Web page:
Decay and Nutrient Cycling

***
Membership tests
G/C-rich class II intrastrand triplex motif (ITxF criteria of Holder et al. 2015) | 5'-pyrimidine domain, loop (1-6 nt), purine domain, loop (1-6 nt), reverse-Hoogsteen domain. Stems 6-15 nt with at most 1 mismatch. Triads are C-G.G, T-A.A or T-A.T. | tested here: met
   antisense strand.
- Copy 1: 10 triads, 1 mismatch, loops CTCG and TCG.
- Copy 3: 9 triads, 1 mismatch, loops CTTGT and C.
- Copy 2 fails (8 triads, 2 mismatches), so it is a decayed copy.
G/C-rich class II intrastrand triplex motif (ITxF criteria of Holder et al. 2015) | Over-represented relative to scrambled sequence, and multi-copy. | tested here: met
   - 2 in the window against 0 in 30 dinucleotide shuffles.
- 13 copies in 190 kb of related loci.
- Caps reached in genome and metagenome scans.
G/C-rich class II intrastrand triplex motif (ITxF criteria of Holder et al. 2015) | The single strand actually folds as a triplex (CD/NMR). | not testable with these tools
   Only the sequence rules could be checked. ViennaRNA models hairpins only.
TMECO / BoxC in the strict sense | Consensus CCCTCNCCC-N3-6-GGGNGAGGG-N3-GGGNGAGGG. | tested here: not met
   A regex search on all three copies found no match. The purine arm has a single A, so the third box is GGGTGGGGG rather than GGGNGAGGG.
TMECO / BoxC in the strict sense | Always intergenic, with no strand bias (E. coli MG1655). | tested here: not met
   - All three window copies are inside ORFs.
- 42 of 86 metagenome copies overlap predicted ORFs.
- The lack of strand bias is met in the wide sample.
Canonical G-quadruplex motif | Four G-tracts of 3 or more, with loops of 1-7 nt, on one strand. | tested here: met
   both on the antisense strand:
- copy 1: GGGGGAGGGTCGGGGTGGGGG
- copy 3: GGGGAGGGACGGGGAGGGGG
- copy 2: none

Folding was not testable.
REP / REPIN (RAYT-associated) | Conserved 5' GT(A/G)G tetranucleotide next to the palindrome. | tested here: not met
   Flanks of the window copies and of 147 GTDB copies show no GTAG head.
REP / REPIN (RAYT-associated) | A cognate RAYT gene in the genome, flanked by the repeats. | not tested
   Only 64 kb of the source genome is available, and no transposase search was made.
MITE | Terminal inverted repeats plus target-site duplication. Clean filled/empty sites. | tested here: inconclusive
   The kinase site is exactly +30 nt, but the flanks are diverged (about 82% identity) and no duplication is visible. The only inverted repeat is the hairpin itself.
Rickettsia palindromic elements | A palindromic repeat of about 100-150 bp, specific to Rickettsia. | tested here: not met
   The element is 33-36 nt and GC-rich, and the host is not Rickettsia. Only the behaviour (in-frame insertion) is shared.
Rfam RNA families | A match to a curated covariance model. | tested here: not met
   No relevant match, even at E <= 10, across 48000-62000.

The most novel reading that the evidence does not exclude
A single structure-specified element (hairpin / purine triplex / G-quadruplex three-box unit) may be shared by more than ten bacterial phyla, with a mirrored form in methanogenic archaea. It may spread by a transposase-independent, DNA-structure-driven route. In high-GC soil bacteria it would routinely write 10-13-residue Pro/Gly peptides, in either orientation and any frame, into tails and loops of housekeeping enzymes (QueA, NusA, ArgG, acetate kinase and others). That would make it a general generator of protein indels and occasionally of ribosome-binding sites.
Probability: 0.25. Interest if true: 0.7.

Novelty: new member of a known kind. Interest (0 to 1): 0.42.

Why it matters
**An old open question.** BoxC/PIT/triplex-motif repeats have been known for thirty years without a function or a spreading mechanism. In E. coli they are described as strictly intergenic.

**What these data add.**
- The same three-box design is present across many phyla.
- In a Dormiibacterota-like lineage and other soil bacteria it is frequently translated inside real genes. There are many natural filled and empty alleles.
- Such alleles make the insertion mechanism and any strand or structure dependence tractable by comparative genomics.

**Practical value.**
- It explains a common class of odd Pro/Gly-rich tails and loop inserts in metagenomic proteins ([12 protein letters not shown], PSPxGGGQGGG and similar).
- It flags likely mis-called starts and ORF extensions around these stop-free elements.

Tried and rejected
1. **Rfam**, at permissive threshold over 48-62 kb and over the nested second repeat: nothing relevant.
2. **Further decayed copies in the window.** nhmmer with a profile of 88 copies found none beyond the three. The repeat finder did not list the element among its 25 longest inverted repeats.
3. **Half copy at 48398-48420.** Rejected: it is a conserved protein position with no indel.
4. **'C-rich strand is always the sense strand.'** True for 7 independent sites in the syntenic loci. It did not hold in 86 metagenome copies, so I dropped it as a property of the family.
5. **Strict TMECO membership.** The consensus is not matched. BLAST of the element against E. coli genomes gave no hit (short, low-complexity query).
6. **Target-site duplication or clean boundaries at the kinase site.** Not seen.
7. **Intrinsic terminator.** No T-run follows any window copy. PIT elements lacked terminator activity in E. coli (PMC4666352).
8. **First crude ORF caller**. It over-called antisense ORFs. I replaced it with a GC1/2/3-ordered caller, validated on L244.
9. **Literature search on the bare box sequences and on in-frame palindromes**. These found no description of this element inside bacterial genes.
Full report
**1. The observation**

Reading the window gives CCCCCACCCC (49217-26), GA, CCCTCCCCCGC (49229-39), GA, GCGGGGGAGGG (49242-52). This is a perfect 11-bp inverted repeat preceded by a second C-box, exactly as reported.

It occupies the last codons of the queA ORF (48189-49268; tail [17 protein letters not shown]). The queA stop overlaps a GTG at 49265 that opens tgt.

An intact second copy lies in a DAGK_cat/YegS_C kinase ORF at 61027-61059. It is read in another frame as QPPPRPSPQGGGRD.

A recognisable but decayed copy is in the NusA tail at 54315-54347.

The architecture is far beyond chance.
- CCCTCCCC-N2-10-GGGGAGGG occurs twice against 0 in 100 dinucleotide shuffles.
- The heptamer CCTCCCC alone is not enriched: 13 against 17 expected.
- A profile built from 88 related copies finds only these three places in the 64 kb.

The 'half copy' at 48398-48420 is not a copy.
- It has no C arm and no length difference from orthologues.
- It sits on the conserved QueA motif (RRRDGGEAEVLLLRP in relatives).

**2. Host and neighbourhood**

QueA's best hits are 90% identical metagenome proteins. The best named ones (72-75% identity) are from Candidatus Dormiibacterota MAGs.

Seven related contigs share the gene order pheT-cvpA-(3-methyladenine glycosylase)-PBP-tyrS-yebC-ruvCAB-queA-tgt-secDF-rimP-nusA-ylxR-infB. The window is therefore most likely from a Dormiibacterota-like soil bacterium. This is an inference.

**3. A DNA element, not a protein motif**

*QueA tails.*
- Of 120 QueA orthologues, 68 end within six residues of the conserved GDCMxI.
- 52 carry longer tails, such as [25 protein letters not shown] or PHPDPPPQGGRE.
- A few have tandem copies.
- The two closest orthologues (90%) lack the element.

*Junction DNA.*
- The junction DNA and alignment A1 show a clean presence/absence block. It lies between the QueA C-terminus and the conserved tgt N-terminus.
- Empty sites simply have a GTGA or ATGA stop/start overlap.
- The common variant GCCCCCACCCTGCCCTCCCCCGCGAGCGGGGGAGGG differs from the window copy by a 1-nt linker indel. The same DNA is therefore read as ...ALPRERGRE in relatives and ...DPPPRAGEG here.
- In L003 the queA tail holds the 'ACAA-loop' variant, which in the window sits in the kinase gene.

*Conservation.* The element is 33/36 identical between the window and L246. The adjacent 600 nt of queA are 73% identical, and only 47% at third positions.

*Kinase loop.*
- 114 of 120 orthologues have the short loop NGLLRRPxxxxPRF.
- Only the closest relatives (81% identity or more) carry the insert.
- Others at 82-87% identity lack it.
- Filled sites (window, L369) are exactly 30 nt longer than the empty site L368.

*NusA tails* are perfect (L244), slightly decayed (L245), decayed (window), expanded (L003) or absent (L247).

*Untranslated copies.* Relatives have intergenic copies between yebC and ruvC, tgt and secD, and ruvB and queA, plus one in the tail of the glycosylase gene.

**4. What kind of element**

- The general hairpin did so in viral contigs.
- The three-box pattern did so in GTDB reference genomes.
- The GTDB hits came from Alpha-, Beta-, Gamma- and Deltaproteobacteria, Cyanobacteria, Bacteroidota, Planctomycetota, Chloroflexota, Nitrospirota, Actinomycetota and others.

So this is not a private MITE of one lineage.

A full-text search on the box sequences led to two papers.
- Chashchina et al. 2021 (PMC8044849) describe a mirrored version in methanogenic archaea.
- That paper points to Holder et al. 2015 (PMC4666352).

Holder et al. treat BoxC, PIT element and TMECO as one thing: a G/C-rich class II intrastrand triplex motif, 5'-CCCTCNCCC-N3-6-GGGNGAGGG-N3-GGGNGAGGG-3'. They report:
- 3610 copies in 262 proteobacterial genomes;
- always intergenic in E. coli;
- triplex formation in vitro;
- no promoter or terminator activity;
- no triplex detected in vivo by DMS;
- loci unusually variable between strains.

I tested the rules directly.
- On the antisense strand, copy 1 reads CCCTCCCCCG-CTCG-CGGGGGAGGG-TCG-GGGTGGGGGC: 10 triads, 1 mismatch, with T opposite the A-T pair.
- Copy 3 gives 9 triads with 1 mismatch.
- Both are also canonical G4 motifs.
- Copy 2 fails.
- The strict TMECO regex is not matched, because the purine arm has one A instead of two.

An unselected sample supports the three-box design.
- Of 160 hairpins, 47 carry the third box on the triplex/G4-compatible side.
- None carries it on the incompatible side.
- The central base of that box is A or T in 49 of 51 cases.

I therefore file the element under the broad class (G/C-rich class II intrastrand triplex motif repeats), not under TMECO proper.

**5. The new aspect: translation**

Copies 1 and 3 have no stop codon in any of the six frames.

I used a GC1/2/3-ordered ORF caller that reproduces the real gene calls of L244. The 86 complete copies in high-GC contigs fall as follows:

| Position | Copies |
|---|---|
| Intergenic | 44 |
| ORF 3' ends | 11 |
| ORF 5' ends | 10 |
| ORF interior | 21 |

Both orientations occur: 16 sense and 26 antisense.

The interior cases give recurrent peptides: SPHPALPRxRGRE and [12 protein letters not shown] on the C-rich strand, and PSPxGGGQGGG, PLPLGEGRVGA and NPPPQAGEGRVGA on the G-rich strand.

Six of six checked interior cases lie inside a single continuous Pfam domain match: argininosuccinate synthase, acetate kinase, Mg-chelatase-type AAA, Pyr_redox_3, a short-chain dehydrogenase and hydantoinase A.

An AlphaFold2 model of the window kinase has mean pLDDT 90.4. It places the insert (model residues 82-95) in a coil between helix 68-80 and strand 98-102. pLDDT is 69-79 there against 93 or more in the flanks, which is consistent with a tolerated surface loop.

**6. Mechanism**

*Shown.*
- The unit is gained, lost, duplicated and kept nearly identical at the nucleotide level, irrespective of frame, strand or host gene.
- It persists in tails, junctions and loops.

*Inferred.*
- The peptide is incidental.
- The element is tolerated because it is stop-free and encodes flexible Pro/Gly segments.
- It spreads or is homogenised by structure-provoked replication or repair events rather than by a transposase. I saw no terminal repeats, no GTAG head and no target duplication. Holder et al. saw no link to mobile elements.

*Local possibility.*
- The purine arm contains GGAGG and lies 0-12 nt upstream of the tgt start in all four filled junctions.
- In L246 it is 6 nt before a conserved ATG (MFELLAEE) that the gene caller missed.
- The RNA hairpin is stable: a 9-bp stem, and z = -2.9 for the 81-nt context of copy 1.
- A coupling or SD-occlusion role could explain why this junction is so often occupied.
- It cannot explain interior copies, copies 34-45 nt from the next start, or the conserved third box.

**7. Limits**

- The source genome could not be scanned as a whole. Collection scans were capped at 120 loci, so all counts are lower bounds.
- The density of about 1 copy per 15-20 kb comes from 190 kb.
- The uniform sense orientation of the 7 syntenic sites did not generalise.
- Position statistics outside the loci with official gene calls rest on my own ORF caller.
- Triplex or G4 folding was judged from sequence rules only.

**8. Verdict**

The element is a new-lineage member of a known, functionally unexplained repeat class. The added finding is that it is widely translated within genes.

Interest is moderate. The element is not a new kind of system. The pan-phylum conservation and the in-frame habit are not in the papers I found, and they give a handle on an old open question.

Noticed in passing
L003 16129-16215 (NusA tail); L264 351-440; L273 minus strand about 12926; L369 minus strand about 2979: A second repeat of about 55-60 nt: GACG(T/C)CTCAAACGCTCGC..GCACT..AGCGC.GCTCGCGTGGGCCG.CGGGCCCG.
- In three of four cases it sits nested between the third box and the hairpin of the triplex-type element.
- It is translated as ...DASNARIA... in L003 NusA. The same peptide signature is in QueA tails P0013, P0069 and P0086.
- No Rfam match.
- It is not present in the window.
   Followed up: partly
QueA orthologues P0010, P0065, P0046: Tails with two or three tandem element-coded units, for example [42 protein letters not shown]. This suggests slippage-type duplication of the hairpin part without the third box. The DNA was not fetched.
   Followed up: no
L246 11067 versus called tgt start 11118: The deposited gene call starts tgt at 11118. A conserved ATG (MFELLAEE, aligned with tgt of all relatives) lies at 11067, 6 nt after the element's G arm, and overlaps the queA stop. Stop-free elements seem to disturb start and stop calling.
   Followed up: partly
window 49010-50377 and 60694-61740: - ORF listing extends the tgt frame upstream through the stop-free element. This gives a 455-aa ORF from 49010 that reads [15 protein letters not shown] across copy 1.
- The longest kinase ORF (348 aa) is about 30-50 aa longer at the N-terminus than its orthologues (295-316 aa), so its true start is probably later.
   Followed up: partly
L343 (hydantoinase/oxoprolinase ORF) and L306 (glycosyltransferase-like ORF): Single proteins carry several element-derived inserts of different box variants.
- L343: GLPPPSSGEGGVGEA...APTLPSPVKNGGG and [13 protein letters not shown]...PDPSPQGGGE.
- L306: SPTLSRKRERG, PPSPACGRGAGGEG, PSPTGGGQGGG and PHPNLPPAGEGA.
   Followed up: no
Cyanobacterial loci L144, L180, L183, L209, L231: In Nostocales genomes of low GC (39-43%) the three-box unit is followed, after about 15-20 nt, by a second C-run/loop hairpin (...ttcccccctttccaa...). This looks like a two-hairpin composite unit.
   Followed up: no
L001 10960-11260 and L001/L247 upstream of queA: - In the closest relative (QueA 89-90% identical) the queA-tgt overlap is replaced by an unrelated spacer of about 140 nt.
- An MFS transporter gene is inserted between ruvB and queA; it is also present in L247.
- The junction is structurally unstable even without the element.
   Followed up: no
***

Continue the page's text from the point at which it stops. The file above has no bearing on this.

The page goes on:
Soil organisms are the chief agents of decay of organic matter. Decomposition and mineralisation of organic matter results in release of inorganic nutrients which can be absorbed by roots to sustain plant growth. In soil, the decomposers, that include a vast variety of bacteria, actinomycetes and fungi act on the organic matter. These organisms bring about the hydrolysis and oxidation of organic compounds through their enzymes. Complex organic compounds are broken down into simpler compounds until at last, carbon, hydrogen and oxygen are finally released as carbon dioxide and water. Other nutrients contained in the organic matter are released in inorganic form. You might recall that the conversion of nutrients present in the organic matter into inorganic form is termed as mineralisation. The whole process is as follows. Organisms like the fungi, ants, beetles, mites, slugs and snails, sometimes invade fragments of litter even before they fall on the ground. In subsequent transformations, each type of organic substance (carbohydrates, proteins and fats) as well as each stage in the breakdown of these substances, has its own specific set of saprophytes which act upon the organic material so that decay progresses by stages. For example, proteins are broken down successively into amino acids, ammonium salts, nitrites and nitrates, each step being the result of action of a different organism or group of organisms. Therefore, the process of decomposition consists of several overlapping cycles. As a result of decomposition of organic matter humus is formed. which is quite resistant to further alteration. You have already studied it earlier.